1982 – The Snowplow Game: The night before a game between the Miami Dolphins and the New England Patriots, heavy rains had soaked the Astroturf surface at New England’s Schaefer Stadium. To make matters worse, a heavy snowstorm began shortly after the game began. As a result, an emergency ground rule had been established for this game: the officials could call time-out, and allow the ground crew to use a snowplow to clear the yard markers.
The two teams remained scoreless late into the fourth quarter. With 4:45 left to go in the game and on-field conditions worsening, snowplow operator Mark Henderson – a convict on work release – was sent onto the field with his tractor. No one thought it was suspicious, assuming the plow would go straight across the 20-yard line.
Instead, the plow suddenly swerved over to the 23-yard line; the exact spot from which Smith would kick. Miami coach Don Shula protested furiously but the field goal was good and the Patriots won the game by the final score of 3–0.
1989 – Leona Helmsley, nicknamed the “Queen of Mean” by the press, received a four-year prison sentence, 750 hours of community service, and a $7.1 million tax fraud fine in New York. For many, Helmsley became the object of loathing and disgust when she quipped that “only the little people pay taxes.” Federal Judge John Walker publicly reprimanded her, saying, “Your conduct was the product of naked greed and the arrogant belief that you were above the law.”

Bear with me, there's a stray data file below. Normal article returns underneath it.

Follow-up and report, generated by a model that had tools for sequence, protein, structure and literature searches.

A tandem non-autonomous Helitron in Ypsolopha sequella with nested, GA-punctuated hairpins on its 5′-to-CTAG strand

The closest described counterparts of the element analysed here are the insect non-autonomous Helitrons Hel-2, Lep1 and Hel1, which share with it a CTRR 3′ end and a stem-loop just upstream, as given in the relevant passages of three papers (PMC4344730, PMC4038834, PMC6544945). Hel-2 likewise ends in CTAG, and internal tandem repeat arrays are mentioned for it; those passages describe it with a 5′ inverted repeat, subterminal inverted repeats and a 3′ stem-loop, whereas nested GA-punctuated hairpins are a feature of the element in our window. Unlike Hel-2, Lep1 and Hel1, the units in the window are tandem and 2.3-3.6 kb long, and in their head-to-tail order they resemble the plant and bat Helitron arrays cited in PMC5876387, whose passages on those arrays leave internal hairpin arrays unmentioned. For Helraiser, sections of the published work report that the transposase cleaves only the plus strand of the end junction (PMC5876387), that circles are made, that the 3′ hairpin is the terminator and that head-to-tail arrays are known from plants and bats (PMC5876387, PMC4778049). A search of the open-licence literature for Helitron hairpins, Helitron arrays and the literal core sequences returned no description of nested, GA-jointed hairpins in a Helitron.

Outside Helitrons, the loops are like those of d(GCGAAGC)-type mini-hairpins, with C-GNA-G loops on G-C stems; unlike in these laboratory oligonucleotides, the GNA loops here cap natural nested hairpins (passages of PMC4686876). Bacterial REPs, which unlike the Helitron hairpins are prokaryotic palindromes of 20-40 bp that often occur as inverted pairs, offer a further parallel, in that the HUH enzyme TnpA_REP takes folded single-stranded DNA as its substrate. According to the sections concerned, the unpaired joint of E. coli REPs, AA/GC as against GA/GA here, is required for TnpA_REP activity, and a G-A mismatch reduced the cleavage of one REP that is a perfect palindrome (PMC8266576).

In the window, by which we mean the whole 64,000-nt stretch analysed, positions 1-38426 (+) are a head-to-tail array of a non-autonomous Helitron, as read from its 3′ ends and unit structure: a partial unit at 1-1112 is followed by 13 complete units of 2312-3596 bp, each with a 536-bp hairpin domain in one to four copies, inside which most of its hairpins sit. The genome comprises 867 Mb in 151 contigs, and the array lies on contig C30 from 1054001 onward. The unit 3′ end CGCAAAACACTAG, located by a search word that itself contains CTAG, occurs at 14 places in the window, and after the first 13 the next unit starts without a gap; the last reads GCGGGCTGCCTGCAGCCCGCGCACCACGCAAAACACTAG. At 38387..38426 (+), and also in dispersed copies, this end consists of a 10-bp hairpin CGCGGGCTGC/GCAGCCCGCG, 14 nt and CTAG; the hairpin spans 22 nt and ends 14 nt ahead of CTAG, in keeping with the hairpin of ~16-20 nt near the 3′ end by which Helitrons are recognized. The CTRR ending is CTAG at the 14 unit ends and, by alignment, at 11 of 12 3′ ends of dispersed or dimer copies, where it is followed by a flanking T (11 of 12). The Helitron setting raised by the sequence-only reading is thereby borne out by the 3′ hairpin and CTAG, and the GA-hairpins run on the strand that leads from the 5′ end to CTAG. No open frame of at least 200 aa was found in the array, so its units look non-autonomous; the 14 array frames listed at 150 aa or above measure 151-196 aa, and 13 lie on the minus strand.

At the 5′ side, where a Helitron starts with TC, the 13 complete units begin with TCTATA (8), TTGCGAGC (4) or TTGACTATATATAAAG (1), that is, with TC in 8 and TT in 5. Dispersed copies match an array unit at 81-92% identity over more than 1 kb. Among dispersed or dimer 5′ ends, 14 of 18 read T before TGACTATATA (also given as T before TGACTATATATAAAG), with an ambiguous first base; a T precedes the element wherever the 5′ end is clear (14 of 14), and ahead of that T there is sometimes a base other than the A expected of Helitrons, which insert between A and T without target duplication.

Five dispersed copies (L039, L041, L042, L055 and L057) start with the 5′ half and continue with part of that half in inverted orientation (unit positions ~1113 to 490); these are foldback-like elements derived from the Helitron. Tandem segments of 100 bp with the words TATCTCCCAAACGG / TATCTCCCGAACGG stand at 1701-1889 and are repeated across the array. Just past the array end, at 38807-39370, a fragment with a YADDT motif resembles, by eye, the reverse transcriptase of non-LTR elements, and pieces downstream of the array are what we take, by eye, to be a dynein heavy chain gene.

Helmsley was sent to jail in 1992 and was released in 1994. In 2002, Helmsley, whose billionaire husband Harry died in 1997, again found herself in court after being sued by Charles Bell, a former employee who accused Leona of firing him solely because he was homosexual. A jury ordered Helmsley to pay him more than $11 million in damages.
Helmsley died in August 2007 at the age of 87. She left $12 million to her dog.
1997 – Fourteen-year-old Michael Carneal was indicted as an adult on three counts of murder and five counts of attempted murder for the shooting of his classmates at Heath High School in West Paducah, Kentucky. Eleven days earlier, Carneal had pulled out a pistol and fired 11 shots into a group of students in the school’s lobby.
Although charged as an adult, Carneal’s young age made him ineligible for the death penalty. He pleaded guilty but mentally ill, and was sentenced to life in prison with a possibility of parole in 25 years.
2000 – General Motors declared that it would begin to phase out the 103-year-old Oldsmobile, the oldest automotive brand in the U.S.. Oldsmobile had once been one of the most innovative American brands. Olds cars were the first to have decorative chrome trim, for example, and the first to have fully automatic transmissions, but a GM reorganization in the mid-1980s had drained the brand of most of its unique identity.
2000 – In Bush v Gore, The U.S. Supreme Court overturned the Florida Supreme Court, ruling 5-4 that there would be no further counting of Florida’s disputed presidential votes. The following day, Gore conceded the presidential election to Bush.